SEO optimization often requires access to real-time data, such as keyword trends, search volume, and competition analysis. While AI models can process and analyse data, they need to be regularly updated with the latest information to make informed SEO decisions. If the AI article writer does not have access to real-time data or is not programmed to utilise it, its optimization capabilities may be limited.
While AI models can generate coherent and relevant content, they may lack the creativity and intuition that human writers possess. SEO optimization often requires a balance between satisfying search engine algorithms and engaging human readers. AI models may struggle to produce content that strikes this balance effectively, leading to suboptimal SEO results.
Search engines like Google regularly update their algorithms to improve search results and combat spam. These algorithm updates can significantly impact SEO strategies and ranking factors. AI article writers may not be able to adapt quickly to algorithm changes without updates to their training or programming.
#4 Keyword Stuffing For The Win
I asked ChatGPT to write a blog post with the title ‘top tips to building a brand story that converts’ and optimise it for the term ‘building a brand story’. While it was spitting out words I noticed it included “building a brand story” several times, in speech marks. What I didn’t notice until I uploaded it was that the final sentence of the first paragraph read:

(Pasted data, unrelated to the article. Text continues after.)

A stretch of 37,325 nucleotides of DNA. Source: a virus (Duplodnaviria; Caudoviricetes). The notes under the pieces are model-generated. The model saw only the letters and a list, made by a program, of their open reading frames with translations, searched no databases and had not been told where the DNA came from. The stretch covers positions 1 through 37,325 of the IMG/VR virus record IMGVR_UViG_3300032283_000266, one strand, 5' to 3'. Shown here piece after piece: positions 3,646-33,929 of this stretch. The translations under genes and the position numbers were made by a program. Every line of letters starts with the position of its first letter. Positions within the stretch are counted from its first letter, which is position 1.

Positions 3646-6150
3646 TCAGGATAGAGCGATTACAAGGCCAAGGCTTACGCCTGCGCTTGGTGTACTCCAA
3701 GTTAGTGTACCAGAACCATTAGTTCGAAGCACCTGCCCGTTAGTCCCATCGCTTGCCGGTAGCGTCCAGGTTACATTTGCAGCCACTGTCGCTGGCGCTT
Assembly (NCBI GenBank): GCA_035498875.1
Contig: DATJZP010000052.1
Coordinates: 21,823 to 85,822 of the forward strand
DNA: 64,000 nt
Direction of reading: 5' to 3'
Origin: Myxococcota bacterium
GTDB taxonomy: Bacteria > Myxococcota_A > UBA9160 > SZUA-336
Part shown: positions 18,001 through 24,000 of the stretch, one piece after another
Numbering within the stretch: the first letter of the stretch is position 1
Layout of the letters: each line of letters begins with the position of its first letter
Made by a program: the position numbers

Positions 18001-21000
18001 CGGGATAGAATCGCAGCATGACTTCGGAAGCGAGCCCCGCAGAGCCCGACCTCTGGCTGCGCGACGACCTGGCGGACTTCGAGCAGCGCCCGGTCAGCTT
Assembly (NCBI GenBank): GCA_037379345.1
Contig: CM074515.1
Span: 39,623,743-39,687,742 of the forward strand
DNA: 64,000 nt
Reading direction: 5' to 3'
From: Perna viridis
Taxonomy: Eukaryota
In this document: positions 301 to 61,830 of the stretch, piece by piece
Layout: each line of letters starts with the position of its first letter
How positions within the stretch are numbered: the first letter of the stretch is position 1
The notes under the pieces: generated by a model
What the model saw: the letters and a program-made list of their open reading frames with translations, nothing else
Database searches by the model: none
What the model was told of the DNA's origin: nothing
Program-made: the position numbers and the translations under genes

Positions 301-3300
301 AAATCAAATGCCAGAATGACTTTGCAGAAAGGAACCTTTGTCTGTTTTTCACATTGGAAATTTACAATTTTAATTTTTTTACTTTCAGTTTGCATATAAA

In this blog post, we will share some top tips to help you build a brand story that converts, optimising it to rank for the keyword “building a brand story.”
Not only did ChatGPT fail to realise that instruction wasn’t relevant to the blog and shouldn’t be included in it, the AI’s idea of optimising a post for that keyword was to literally stuff in “building a brand story” as often as possible.
If you know anything about SEO or have been following me for any length of time you’ll know that keyword stuffing is an archaic practice that will NOT help you rank highly. It will, in fact, lead to you being penalised by the search engine gods for poor practice.
#5 Your Copy Will Lack All The Relevant LSI Terms
Again, in theory, AI can be programmed or trained to write copy that includes Latent Semantic Indexing (LSI) terms for a given keyword. Based on my experimentation with ChatGPT this isn’t the case – there was no evidence of LSI terms used, either in the blog post I asked it to write or various other tasks I had it perform to test its limitations.